The purpose of this proposed cohort study is to examine the natural history of injection drug use, from initiation to cessation or death, as well as trends in morbidity and mortality. This study will involve 1800 participants in Vancouver, Canada, including HIV- negative injection drug users and high-risk non-injection drug-using youth.

National Institute of Health (NIH)
National Institute on Drug Abuse (NIDA)
Research Project--Cooperative Agreements (U01)
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Application #
Study Section
Special Emphasis Panel (ZDA1)
Program Officer
Lambert, Elizabeth
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University of British Columbia
Zip Code
V6 1Z3
Reddon, Hudson; Pettes, Tyler; Wood, Evan et al. (2018) Incidence and predictors of mental health disorder diagnoses among people who inject drugs in a Canadian setting. Drug Alcohol Rev 37 Suppl 1:S285-S293
Walton, Geoffrey; Dong, Huiru; Milloy, M J et al. (2018) Increasing availability of benzodiazepines among people who inject drugs in a Canadian setting. Subst Abus 39:69-76
Barker, Brittany; Hadland, Scott E; Dong, Huiru et al. (2018) Increased burden of suicidality among young street-involved sex workers who use drugs in Vancouver, Canada. J Public Health (Oxf) :
Jaffe, Kaitlyn; Dong, Huiru; Godefroy, Anna et al. (2018) Informal recycling, income generation and risk: Health and social harms among people who use drugs. Int J Drug Policy 60:40-46
Randhawa, Gurdeeshpal; Azarbar, Ataa; Dong, Huiru et al. (2018) Childhood Trauma and the Inability to Access Hospital Care Among People who Inject Drugs. J Trauma Stress 31:383-390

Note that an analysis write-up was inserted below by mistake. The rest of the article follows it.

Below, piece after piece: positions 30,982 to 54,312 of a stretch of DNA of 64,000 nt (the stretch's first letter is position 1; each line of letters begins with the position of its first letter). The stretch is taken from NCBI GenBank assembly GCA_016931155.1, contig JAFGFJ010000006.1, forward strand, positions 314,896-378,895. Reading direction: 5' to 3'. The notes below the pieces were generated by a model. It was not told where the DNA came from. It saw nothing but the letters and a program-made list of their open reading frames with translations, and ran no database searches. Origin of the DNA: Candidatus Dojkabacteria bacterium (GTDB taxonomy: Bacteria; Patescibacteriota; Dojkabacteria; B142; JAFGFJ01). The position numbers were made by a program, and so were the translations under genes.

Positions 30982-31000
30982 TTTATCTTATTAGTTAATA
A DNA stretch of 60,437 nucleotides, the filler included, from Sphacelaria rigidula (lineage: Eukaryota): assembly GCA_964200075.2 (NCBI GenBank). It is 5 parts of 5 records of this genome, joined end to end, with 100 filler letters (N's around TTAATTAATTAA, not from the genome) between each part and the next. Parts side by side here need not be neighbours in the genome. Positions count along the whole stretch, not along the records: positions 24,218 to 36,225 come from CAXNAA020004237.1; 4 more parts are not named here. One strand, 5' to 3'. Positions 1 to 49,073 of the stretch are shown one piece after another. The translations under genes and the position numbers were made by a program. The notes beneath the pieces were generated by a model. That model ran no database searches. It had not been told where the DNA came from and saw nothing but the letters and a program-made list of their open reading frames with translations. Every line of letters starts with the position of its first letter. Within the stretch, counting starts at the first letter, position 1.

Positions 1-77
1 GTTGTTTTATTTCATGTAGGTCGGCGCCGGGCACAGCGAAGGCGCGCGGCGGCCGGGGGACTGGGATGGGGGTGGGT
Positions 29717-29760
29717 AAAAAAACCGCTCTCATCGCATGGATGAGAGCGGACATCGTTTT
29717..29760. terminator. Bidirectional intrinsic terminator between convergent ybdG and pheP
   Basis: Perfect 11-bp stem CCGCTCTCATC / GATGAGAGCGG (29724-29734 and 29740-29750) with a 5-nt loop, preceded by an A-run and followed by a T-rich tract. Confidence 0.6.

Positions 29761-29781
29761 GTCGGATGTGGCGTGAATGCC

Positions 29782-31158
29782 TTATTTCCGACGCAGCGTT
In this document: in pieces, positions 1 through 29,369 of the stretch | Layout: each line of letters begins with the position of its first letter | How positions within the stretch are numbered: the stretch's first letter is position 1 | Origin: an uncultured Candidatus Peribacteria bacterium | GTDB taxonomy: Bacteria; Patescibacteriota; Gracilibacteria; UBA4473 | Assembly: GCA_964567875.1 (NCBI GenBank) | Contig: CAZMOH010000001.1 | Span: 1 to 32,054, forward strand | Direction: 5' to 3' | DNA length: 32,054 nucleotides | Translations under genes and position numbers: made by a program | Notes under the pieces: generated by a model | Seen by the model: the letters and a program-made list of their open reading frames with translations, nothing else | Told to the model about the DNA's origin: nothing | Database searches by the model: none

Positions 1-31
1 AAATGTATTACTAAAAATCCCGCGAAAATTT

Klimas, Jan; Dong, Huiru; Fairbairn, Nadia et al. (2018) Eligibility for heroin-assisted treatment (HAT) among people who inject opioids and are living with HIV in a Canadian setting. Addict Sci Clin Pract 13:3
Hayashi, Kanna; Milloy, M-J; Lysyshyn, Mark et al. (2018) Substance use patterns associated with recent exposure to fentanyl among people who inject drugs in Vancouver, Canada: A cross-sectional urine toxicology screening study. Drug Alcohol Depend 183:1-6
Jacka, B; Bray, B C; Applegate, T L et al. (2018) Drug use and phylogenetic clustering of hepatitis C virus infection among people who use drugs in Vancouver, Canada: A latent class analysis approach. J Viral Hepat 25:28-36
Young, Samantha; Wood, Evan; Milloy, M-J et al. (2018) Hepatitis C cascade of care among people who inject drugs in Vancouver, Canada. Subst Abus :1-8
SocĂ­as, Maria Eugenia; Wood, Evan; Lake, Stephanie et al. (2018) High-intensity cannabis use is associated with retention in opioid agonist treatment: a longitudinal analysis. Addiction 113:2250-2258